This year, the song of the summer debate hasn’t raged in any significant way, but for a subset of young, hip, mostly Black people, Wizkid’s “Essence” was the only contender. “Essence” is the fourth single from the Nigerian superstar’s fourth studio album and second with RCA, October’s Made in Lagos. We sing it to ourselves and each other tenderly, wrapped in the warmth of its tropical R&B. “You don’t need no other body,” coos Tems, the Naija newcomer who opens the track with a gentle love-crazed longing. “Say I wanna leave you in the mornin’/But I need you now,” she admits.
The track got an extra marketing push in April with a vibrant music video, and in July, after all our obsessing, the song broke through on the Hot 100 chart, debuting at No. 82. It’s since climbed to No. 54. “Essence” sits at No. 43 on the RS Top 100 Songs chart, too. These are feats for both Wizkid and Tems that mark a watershed moment for African music in the West. Though he is one of the continent’s hottest performers, “Essence” is Wizkid’s first appearance on U.S. charts as a sole lead artist (he’s appeared before with Drake on “One Dance” and Beyoncé on “Brown Skin Girl”). The song is proof that Afropop acts — long honored in Black immigrant and adjacent communities — can shake the room in the States, in a major way, and on their own terms.
Then Wizkid announced that a Justin Bieber remix was imminent.
Not everyone met the news of a Bieber placement enthusiastically. “IT DIDNT NEED NO OTHER BODY!!!” one person tweeted, to the delight of 30,000 others and counting. With all the organic success of “Essence,” it can feel like this remix caters to a white audience. This has happened before, and it’s happened with Justin Bieber specifically. Let’s journey back to the Before Times: 2017. “Despacito,” a popetón fusion of Latin pop and reggaetón, originally performed by Luis Fonsi and Daddy Yankee, was already a global hit in nearly a dozen Latin American countries and blew up on Latin charts in America. Four months later, Bieber hopped on the remix, at times forgetting the Spanish he performed in, but helping the song shoot to No. 1 and stay there for 16 weeks, a record only surpassed by “Old Town Road.” It was only the third Spanish-language song to do so.
With this in mind, Bieber’s appearance on “Essence” may come off less like the natural progression of an incredibly special song, and more like a grab at even more crossover success with an artist that has not always been sensitive to difference. But por qué no los dos? Some afrobeats connoisseurs remain hopeful that the remix will help bring the genre the global mainstream play and acclaim it warrants. “This is not cultural appropriation,” tweeted Nigerian music journalist Joey Akan. “The intention is clear. Credit was given. Everyone on the record is platformed, celebrated and will make their bread. Our industry continues our march to globalisation, and we win as a collective.”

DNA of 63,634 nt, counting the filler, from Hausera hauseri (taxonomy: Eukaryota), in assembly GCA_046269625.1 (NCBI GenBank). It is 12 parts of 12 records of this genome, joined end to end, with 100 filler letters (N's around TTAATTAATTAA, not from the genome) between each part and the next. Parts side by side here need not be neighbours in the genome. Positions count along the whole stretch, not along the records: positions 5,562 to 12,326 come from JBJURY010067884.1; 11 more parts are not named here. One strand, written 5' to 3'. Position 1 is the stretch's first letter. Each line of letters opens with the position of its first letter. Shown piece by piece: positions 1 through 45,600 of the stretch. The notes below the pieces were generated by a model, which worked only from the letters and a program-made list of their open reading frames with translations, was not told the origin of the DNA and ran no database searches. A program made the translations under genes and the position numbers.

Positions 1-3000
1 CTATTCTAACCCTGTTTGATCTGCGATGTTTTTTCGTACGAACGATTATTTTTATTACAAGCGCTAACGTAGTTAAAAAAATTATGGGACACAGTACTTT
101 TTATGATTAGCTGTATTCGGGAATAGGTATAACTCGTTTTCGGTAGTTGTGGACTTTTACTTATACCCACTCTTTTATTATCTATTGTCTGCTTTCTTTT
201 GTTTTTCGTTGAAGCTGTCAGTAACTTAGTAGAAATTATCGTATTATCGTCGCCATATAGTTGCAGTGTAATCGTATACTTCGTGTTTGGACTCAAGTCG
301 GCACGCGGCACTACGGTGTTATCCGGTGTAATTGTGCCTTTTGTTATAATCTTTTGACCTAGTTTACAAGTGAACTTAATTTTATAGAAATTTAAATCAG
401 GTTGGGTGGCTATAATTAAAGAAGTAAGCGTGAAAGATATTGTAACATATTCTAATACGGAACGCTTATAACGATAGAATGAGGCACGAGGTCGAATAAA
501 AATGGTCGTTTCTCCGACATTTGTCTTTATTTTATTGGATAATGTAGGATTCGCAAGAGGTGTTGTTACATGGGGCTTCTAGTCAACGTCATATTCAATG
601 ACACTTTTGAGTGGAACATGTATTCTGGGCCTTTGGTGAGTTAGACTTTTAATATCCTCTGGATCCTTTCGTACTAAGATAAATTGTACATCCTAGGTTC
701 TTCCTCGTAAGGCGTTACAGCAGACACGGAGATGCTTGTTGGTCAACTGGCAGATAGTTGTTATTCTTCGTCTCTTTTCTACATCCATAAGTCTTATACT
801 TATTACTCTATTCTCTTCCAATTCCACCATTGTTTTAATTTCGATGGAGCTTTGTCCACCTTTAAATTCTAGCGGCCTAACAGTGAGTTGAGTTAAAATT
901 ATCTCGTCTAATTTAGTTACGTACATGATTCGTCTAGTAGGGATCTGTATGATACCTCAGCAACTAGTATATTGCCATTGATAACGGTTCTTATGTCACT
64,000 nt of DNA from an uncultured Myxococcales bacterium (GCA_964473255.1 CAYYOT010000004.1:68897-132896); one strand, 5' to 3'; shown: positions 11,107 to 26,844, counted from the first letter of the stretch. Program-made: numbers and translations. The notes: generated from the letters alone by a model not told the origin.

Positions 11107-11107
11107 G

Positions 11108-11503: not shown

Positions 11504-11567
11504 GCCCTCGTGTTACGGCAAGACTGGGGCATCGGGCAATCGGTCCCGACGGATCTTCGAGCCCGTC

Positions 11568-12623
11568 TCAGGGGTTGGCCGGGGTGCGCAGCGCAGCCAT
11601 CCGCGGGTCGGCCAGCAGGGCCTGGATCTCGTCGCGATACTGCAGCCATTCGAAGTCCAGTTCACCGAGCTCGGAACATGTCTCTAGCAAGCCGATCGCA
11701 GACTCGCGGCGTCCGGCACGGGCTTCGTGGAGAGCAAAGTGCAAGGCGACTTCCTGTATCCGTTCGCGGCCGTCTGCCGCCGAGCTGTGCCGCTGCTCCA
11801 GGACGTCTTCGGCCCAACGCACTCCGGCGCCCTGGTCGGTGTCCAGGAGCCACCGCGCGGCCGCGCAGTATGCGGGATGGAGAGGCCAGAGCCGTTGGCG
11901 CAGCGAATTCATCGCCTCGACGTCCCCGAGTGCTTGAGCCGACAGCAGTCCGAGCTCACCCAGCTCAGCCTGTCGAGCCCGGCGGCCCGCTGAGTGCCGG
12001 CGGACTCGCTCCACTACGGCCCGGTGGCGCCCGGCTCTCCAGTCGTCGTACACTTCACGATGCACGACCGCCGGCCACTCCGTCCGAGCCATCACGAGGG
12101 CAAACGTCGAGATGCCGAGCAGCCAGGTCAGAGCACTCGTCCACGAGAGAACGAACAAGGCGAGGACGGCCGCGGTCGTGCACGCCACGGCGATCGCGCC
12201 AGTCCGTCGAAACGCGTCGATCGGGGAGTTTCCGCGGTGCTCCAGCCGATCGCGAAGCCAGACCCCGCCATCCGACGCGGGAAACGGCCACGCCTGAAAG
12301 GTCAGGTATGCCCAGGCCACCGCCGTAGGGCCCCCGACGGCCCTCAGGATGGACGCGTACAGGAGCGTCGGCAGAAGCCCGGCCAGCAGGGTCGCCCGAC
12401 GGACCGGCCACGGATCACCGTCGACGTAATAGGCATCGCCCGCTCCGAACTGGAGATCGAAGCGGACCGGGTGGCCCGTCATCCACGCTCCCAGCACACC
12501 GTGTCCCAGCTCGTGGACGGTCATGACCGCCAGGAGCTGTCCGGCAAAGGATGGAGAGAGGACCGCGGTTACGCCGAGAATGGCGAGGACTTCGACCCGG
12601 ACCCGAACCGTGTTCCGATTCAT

What’s more, the remix is fire. Bieber’s insertion is seamless, his verse unfurling tenderly after Wizkid’s and Tems’s. “I prayed for this moment/I would be by your side,” chants the notably spiritual singer. He softly introduces a slick new cadence before taking on the chorus, light Pidgin English and all. This, in fact, is the only jarring element of his appearance, him cooing “only you fi hold my body,” with his distinctly western pop trill, but it’s less offensive than it is endearing. African Twitter is going to have a field day bestowing semi-traditional names like Oluwajustin on this Canadian white boy.
With another marketing push and Bieber in tow, the “Essence” remix may become the undisputed anthem of the summer and even the year. It’s just important to remember that young Africans made it possible. The song keeps seasoned afrobeats producers Legendury Beats and P2J’s magical template. The song keeps Wizkid and Tems at the forefront. It’s up to all of us who have embraced “Essence” — who’ve swayed and rocked to it’s sweet rhythm since last fall — to keep Nigerian talent at the center of its story.